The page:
Wednesday, January 19, 2011

The Harvard Guide to Collegiate Happiness

In my experience Downing's first focus has always been on the student and scholastic excellence. The first reading was "The Harvard Guide to Collegiate Happiness", a gesture of good will and total mess of a paper written by and for students of the humanities. It is wrong on most points by way of a consistent confusion of causation and correlation.

1) Meet the Faculty.
I have drank with my instructors. Some have offered to share their cigarettes with me. I have had engaging discussions with them after class, over Facebook, or by email. These experiences are rewarding and enriching. They aren't something that can be forced; they arise naturally. Often these interactions are simply not appropriate. Some relationships offer no adaptive transactional strokes and are not open to pursuit. Often this is the case when working with research-oriented professors in the natural sciences. Excel in the class and you may get a position on their team but the relationship will still stay strictly professional. The small-group discussion-oriented professors more commonly found in liberal arts are the welcome exception in the natural sciences. This later type of class is normally easier and less rigorous. Take more easy courses of this nature and naturally you will perform better and meet more professors. But your success was not had because you met them.

2) Take a mix of courses.
I agree with this. I thought I was going to be a graphic designer or a linguist coming out of high school. Take a lot of different tangents and you will be rewarded. Many students on more difficult paths are financially or academically constrained from choosing to do this. The reality is that some paths through college are less fun and more work.

3) Studying in groups.
In my experience in groups a small fraction of people do the work, and the rest mooch. Averages go up and the correlation is made, to the detriment of the industrious who come away having expended a lot of energy for an incommensurate reward. (Short aside: I recall an experience in a world literature discussion session in which the TA insisted that Newton had invented science. I argued that no, science is a storied philosophical and methodological tradition pioneered over a long period of time, citing examples from Sextus Empircus to Claude Bernard. Afterward I was drained, little improved, and yet I prevented the others from experiencing an academic travesty. Hopefully I prevented some number of misconceptions.)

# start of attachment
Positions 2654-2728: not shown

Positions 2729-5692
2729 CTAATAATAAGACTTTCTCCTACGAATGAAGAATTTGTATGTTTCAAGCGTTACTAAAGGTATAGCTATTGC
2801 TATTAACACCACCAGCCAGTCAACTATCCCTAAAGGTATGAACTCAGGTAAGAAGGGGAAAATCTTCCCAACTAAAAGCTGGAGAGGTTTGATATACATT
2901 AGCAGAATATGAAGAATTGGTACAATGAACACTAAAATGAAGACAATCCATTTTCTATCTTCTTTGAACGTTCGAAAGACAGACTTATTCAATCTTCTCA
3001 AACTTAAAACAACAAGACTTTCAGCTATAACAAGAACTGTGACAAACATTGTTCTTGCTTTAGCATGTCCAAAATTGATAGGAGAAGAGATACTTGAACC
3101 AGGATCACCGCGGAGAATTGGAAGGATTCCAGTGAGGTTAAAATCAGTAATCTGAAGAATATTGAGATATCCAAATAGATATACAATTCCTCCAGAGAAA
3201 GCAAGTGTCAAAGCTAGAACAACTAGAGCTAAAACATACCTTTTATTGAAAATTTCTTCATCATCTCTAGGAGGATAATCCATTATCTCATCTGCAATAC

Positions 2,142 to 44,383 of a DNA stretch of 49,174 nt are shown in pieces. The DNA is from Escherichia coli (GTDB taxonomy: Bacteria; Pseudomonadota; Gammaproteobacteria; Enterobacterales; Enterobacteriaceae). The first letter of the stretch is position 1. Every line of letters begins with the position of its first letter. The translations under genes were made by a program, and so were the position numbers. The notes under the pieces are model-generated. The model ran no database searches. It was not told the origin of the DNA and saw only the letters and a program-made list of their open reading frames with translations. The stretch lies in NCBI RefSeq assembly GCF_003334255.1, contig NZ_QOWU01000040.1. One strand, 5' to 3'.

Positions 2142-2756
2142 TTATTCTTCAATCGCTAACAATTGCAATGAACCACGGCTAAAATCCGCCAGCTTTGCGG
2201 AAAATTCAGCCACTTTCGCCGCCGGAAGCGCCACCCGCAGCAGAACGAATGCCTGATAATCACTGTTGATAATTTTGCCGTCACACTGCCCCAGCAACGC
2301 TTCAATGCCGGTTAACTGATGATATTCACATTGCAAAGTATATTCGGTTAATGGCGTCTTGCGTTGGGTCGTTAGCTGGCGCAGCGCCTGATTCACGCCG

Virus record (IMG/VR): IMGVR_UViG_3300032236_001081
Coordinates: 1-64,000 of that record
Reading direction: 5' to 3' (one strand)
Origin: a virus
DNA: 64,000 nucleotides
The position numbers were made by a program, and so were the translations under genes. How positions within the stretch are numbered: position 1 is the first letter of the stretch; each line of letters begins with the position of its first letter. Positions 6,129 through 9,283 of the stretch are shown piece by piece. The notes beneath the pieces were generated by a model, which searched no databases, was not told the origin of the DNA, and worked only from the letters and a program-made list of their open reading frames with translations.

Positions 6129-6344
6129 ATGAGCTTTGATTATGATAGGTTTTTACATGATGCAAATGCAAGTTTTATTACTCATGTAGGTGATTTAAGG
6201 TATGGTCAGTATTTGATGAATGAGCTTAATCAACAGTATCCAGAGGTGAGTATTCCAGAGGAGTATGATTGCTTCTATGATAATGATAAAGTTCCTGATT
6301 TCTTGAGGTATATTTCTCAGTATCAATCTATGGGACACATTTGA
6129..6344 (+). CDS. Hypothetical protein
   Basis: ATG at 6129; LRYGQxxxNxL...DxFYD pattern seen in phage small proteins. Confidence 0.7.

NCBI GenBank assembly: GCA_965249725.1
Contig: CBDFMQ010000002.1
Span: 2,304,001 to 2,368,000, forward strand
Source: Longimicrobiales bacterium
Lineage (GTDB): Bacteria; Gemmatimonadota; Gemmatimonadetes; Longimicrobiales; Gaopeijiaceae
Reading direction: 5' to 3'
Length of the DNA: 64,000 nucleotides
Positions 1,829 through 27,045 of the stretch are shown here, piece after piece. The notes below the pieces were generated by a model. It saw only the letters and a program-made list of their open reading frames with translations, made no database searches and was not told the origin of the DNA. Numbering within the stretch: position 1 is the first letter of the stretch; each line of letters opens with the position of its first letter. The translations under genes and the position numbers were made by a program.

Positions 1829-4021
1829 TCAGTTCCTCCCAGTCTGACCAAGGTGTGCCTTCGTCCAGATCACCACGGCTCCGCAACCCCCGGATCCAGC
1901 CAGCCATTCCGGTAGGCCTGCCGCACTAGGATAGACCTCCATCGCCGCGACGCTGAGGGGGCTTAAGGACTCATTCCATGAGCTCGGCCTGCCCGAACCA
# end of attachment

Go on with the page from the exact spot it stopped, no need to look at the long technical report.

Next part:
4) Write, write, write.
This section argues that courses with fewer, larger writing grades are bad and I agree. Few and large papers are awful, both didactically and for GPAs. Don't do that to your students.

5) Speak another language.
This would have been nice, but many people simply can't justify the huge number of hours on something they have already tested out of. Again, those who can have easier majors and will tend to do better.

6) Consider time.
Long study sessions may be better than multiple short sessions, but can someone change their study habits or are they deeply ingrained in one's personality? Has Light tested his time log idea empirically? The superficial "just keep a log" type of quick-fix suggestion seems naive to me.

7) Hold the drum.
Students who engage in extracurricular activities are more successful. It is pretty easy to see how they have confused causation and correlation here. I feel happier when I have the resources to self-actualize, but I when I don't choose to self-actualize, it is because I don't have the ability to choose otherwise.

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